Currently, our grantmaking is focused on efforts to hasten the demise of coal, and on work that increases the abilities of the forests, agricultural lands, and estuaries of the Pacific Northwest to sequester carbon. We are looking to support leverageable, measurable work focused on:

  • Regenerative biological systems that influence the carbon cycle (“biocarbon”)
  • ​Reducing dependency on fossil fuels, and promoting renewable energy and energy efficiency.  

Human Services

Goals and Strategies

The goal of the Human Services program is to support, empower, uplift, and create opportunities for long-term success and a brighter future for unaccompanied youth and young adults (age 12-24) who are in crisis, have experienced trauma, or are aging out of the foster care system. We want to support these youth and young adults in their journey from surviving to thriving.


We will consider funding organizations or programs that provide support for youth/young adults suffering from trauma, mental illness, or addiction, with priority given to homeless youth and those impacted by the foster care system. While the full spectrum of services for youth in crisis is essential, we expect to do the bulk of our grantmaking in two areas:

  1. Prevention and early intervention work to keep young people from sleeping in unsafe situations — or at a minimum make that a very brief and one-time occurrence, and
  2. Support for long-term stability support services.

Why Take This Approach?

We believe treatment and support for mental health issues and trauma can help prevent homelessness and addiction later in life. We also believe supporting youth/young adults as they transition out of foster care and into independent living increases their odds for a positive future.


Organizations must meet at least one of the following criteria in order to be considered:

  • Have leaders and/or staff that are representative of the community they serve. We believe that the best programs will have mentors and leaders that truly understand and can identify with those they serve (e.g., staff that have been homeless or in foster care or are open about their own mental health, trauma, or addiction struggles). We value organizations or programs that emphasize connection to and even emanate from the communities they seek to serve; those that embrace the mantra "nothing about us without us” in all aspects of their work.
  • Organizations or programs that include or connect to wrap-around services for youth/young adults. For example: organizations that identify and connect youth to community resources, offer job/skills training and/or provide case management. We value organizations that partner with others in the community to ensure all of a young person’s needs are met.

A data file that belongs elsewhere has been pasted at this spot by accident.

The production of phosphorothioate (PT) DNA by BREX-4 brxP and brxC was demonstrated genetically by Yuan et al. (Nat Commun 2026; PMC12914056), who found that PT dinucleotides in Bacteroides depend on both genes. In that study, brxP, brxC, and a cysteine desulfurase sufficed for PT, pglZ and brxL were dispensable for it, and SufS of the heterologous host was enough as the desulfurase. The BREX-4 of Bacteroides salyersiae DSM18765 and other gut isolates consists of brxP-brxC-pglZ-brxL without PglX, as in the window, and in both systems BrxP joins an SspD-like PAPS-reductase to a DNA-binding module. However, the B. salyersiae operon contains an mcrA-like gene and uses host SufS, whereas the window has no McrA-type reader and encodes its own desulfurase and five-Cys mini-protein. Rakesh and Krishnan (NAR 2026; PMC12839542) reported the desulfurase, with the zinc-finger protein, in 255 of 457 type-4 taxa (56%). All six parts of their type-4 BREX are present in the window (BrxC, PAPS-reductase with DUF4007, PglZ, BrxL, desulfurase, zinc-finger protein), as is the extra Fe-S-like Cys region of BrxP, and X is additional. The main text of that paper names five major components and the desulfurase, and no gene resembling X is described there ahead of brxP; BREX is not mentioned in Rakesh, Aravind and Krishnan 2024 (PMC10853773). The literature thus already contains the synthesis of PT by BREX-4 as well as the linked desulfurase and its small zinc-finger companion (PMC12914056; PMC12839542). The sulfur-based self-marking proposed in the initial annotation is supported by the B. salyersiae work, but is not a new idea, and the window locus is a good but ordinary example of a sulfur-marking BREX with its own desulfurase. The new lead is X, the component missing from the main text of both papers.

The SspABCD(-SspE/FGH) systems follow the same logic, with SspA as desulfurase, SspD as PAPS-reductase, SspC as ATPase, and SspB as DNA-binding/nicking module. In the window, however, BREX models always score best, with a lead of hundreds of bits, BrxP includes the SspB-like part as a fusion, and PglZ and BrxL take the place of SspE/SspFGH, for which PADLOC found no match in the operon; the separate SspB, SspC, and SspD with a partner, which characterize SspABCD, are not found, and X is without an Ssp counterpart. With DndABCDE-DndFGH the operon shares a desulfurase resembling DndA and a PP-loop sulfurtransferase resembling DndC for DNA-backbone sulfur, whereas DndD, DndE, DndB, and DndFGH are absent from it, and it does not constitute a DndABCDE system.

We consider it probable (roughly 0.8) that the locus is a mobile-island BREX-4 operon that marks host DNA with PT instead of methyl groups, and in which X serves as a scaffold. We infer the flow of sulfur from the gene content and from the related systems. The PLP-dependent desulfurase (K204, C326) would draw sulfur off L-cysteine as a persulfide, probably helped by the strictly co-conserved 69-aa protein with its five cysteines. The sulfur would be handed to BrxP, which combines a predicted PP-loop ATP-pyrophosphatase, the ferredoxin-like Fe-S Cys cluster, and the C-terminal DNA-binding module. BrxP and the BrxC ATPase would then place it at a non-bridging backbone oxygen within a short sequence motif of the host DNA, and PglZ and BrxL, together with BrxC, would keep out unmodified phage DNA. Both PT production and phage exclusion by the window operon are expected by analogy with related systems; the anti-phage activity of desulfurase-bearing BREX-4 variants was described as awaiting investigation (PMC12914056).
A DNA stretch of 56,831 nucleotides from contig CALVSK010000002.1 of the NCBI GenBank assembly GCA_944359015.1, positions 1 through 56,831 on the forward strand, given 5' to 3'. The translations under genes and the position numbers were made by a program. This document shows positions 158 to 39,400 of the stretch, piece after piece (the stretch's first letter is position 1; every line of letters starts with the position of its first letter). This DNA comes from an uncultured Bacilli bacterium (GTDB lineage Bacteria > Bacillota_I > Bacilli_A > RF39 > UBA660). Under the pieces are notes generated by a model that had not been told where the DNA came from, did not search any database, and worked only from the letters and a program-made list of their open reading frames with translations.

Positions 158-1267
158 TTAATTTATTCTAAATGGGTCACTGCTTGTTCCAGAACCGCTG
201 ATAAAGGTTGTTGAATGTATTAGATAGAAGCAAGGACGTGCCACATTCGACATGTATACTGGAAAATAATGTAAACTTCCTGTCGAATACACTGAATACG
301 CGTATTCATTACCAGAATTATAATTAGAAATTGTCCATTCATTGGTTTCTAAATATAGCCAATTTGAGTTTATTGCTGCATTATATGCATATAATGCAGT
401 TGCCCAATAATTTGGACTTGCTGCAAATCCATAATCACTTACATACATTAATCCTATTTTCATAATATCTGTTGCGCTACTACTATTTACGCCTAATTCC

Sapling Fund

Goals and Strategies

The Laird Norton family continually promotes the advancement of intellectual growth, business experience, and philanthropic focus in order to ensure the excellence of its youngest generations. Through the Sapling Fund, young Laird Norton family members (ages 14–21) come together to learn about grantmaking, the nonprofit sector, and family philanthropy. The Sapling Fund provides young family members a chance to identify and support causes that resonate with them, and endows future family leaders with a sense of fiscal and social responsibility.


Sapling Fund grants are guided by a “for kids, from kids” philosophy. Grants support programs and organizations that cater specifically to youth and specific priorities change each year as new cohorts of Sapling members collectively identify shared priorities for the year’s grantmaking.

Why Take This Approach?

Sapling Fund committee members gain valuable experience by organizing an annual campaign to raise money for their grantmaking activities through contributions from Laird Norton family members. The annual budget supports three to five grant awards each year and an all-family service project organized by members of the committee.

Watershed Stewardship

Goals and Strategies

Watersheds have social, ecological, and economic significance. The goal of the Watershed Stewardship program is to create enabling conditions for long-term social and ecological health and resilience in places of importance to the Laird Norton Family.


We take a long-term view on healthy watersheds and invest in organizational capacity with an eye to future resilience. We encourage our partners to focus not on single-species recovery or restoration to historical conditions as a primary end-goal, but to also consider the potential value of significantly altered — but functioning — ecosystems as we continue to face the impacts of climate change and other natural and human-caused changes into the future.

​We seek to add value not just by making financial investments in organizations advancing place-based ecological and social outcomes, but also by building relationships in watershed communities, spending time listening and gaining experience in the watersheds in which we invest, and fostering partnerships, convenings, and additional investment from other funders.

Why Take This Approach?

We believe the wellbeing of the people who live in a place must be considered alongside ecological goals; understanding the diverse interests and values of a watershed’s human inhabitants is an important component of long-term success. ​


Organizations or programs we partner with should:

  • Possess the organizational capacity and skills to be well-positioned to secure much more significant funding for projects than we would ever be able to provide.
  • Be open to the Foundation removing barriers to entry for public funding and get projects to a shovel ready position.
  • Provide us with opportunities to invest in their abilities to develop strong governance structures, collaborate, mediate, facilitate, tackle sticky challenges, get paperwork in order, maintain momentum on big projects, and otherwise lay the groundwork for success.

While we don’t specifically commit to a set term of investment in any watershed, we believe that investing in a place long enough to really understand the work is important, and we believe that sustained and flexible funding enables greater long-term success for our partners. Although we make grants on a one-year cycle, we take a partnership approach to our grantmaking and hold a long-term view on the work being done in the watersheds we prioritize, but we do move on when we no longer have a necessary role to play.